Possible Insight

Archive for February 2010

Small Government: Lesser of Two Evils

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Like many libertarians, I feel that small government is an eminently practical rule of thumb proven by hundreds (if not thousands) of years of observation. So when Rafe recently posted in response to a presentation that David Cameron made at TED, it got my dander up. Calling the small government philosophy, “… ivory tower idealism,” felt like a blatant misrepresentation.  But then I wondered. Maybe Rafe had formed the honest (though mistaken) impression that small government advocates think that reducing government functions will lead to some sort of emergent order utopia?

I don’t know exactly what Cameron said because I can’t find a public video archive. This Guardian account indicates that he mostly hung platitudes on the scaffolding of giving people more choice and transparency.  Choice is a big part of small government, but I thought it would be worth outlining what I think is the non-politician’s version of the libertarian small government ideology. It’s far from ivory tower.  More like back alley.

It’s based on two observations: (1) local knowledge is important to good decision making and (2) concentration of power leads to abuses. I think few  students of  political history and organizational behavior would argue against these points, so I won’t detail them here.  However, if anyone honestly thinks they are in doubt, I’d be happy to cover them in a subsequent post.

So, any time society assigns a role to government, it incurs the costs of (1) and (2).  These costs tend to increase over time and as a situation departs from the ideal future path. So the expected net present value of these costs can be substantial. Libertarians therefore conclude that  the benefits that the government brings to a role should, as a general rule, be quite large before we even consider it as an option. Notice that this does not imply no government at all. Rather, it implies we should use government sparingly.

The repeated pattern observed by libertarians goes like this. A problem arises. Everyone (even libertarians) agree that it is problem. Progressives push through a government program to address it. Initially, the program somewhat ameliorates the problem. However, the problem turns out to be trickier than first believed, so the benefits are usually not as great as expected. Over time, the problem evolves and adapts, further eroding program benefits. The government program evolves and adapts too, but more to promulgate its own survival than address the problem.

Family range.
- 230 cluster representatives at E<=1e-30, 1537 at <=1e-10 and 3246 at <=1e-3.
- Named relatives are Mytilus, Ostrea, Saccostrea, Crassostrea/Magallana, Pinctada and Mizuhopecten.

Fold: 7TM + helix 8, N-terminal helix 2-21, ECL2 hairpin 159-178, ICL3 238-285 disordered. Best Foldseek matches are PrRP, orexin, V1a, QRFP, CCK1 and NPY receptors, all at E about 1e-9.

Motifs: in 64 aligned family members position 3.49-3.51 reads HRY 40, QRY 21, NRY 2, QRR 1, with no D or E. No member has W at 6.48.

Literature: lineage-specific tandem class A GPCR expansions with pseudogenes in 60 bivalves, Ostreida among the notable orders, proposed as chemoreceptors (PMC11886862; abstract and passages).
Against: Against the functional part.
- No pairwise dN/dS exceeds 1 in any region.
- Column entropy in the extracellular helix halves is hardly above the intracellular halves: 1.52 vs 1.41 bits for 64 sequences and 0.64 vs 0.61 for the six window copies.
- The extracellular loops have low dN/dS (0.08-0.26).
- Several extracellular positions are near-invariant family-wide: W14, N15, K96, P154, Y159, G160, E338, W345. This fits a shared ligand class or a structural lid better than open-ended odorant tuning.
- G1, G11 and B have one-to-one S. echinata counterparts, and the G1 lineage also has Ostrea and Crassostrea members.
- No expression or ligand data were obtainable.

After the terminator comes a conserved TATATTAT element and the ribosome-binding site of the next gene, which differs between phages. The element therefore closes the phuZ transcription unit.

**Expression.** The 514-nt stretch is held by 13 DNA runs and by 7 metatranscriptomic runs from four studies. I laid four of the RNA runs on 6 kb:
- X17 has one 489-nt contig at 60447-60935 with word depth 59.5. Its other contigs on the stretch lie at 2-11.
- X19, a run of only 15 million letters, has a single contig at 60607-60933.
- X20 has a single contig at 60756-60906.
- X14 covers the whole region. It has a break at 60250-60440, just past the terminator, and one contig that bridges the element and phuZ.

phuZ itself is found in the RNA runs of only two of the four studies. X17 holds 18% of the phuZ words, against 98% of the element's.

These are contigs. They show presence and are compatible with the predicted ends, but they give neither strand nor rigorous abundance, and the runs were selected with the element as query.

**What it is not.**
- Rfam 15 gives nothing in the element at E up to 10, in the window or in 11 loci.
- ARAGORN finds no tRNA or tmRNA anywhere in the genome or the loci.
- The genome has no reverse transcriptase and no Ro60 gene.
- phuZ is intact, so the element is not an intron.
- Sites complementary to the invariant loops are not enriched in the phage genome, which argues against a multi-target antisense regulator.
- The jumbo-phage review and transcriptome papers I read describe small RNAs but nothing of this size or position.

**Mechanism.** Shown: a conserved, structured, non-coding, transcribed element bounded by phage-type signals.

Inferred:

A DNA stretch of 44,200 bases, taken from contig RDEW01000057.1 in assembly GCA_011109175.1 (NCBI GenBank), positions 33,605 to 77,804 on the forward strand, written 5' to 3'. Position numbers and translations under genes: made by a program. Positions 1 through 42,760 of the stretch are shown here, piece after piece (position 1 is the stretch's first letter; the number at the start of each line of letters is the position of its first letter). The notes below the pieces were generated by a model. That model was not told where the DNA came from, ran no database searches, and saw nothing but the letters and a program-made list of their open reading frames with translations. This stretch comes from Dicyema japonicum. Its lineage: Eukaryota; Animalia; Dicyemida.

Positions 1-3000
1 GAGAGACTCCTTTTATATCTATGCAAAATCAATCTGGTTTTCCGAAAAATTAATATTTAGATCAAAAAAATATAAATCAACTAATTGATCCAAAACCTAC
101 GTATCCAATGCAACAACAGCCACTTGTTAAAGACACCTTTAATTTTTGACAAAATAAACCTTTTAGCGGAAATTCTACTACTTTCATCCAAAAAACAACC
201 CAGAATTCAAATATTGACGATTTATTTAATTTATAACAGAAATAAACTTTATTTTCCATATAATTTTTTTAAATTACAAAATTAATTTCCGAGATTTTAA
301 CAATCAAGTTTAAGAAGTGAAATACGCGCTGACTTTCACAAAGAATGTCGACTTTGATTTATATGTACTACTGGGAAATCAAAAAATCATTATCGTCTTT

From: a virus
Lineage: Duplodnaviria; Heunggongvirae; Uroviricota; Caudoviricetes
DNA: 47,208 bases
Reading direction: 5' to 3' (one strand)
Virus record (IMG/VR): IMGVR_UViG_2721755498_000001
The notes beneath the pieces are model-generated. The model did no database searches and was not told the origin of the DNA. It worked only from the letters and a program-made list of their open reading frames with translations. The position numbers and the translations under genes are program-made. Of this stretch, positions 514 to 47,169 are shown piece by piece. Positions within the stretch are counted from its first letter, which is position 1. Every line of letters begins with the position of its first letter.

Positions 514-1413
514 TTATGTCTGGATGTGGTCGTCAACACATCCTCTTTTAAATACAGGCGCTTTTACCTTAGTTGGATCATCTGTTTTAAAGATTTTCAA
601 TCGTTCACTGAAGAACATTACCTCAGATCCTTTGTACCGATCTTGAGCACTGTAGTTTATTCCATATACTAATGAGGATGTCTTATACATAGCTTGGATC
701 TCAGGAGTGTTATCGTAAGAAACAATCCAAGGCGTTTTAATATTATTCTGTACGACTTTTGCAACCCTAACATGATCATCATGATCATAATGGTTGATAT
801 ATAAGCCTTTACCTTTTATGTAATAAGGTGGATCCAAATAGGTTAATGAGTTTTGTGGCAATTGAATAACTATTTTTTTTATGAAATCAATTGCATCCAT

So we are left with much lower benefits than forecast and significant unforeseen costs (in the form of an everliving, mostly useless program). Libertarians conclude that in many cases the “cure” is worse than the disease.  Not that it doesn’t suck having the disease. The irony of course is that the progressives then identify the results of an old government program as a new problem that requires… another government program (cough, cough, government intervention in financial markets, cough, cough).

Of course, some illnesses are actually bad enough that the (painful) cure is better than the disease.  In those cases, bring on the government program. But let’s be realistic about the long term benefits and costs.

Written by Kevin

February 15, 2010 at 9:19 pm

Even More Reason to Be a Skeptic

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Things just got worse if you put your faith in the “consensus” about catastrophic anthropogenic global warming (AGW).  You’ll recall that the disclosure of internal emails undermined confidence in both the surface temperature record and the peer-review process that qualifies research for inclusion into the blue ribbon International Panel on Climate Change (IPCC) reports.

Now we find out that some of the more sensational claims about potential consequences contained in the IPCC AR4 report are not actually backed up by peer-reviewed research. Instead, they come from assertions made by advocacy groups such as the WWF and Greenpeace. Then there’s the dependence on anecdotal newspaper and magazine reports.  Oh, and an amusing reference to a boot cleaning manual from an Antarctic tour operator.

It all started with the infamous, “Himalayan glaciers will be gone by 2035,” claim, which was substantiated solely by a WWF report. Not cool because IPCC rules state they should only reference peer-reviewed research from respectable journals.

Things get worse.  Bear with me here.  The story is a bit involved, but it reveals how feckless the guys at the top of the AGW food chain can be. India’s environmental minister tried to call BS by referring to, you know, actual measurements of glacial retreat.  But the chairman of the IPCC called this “voodo science.” Of course, the scientist who lead the development of that section of IPCC AR4, eventually admitted that the claim about glaciers disappearing by 2035 was not supported by peer-reviewed research. And it turns out that the chairman of the IPCC was actually informed about the problem months earlier.

Now for the cherry on top of this crap sundae. The chairman of the IPCC runs an institute that received a ton of money based on… wait for it… the claim that Himalayan glaciers would be gone by 2035.

I realize that people want to defer to the leading scientists in an area.  It’s perfectly rational. In fact it was what I did before I started looking into AGW myself.  But there should be some evidence that will cause you to update this position. I think we’ve reached that point.

Written by Kevin

February 3, 2010 at 3:17 pm

Posted in Climate, Government, Science

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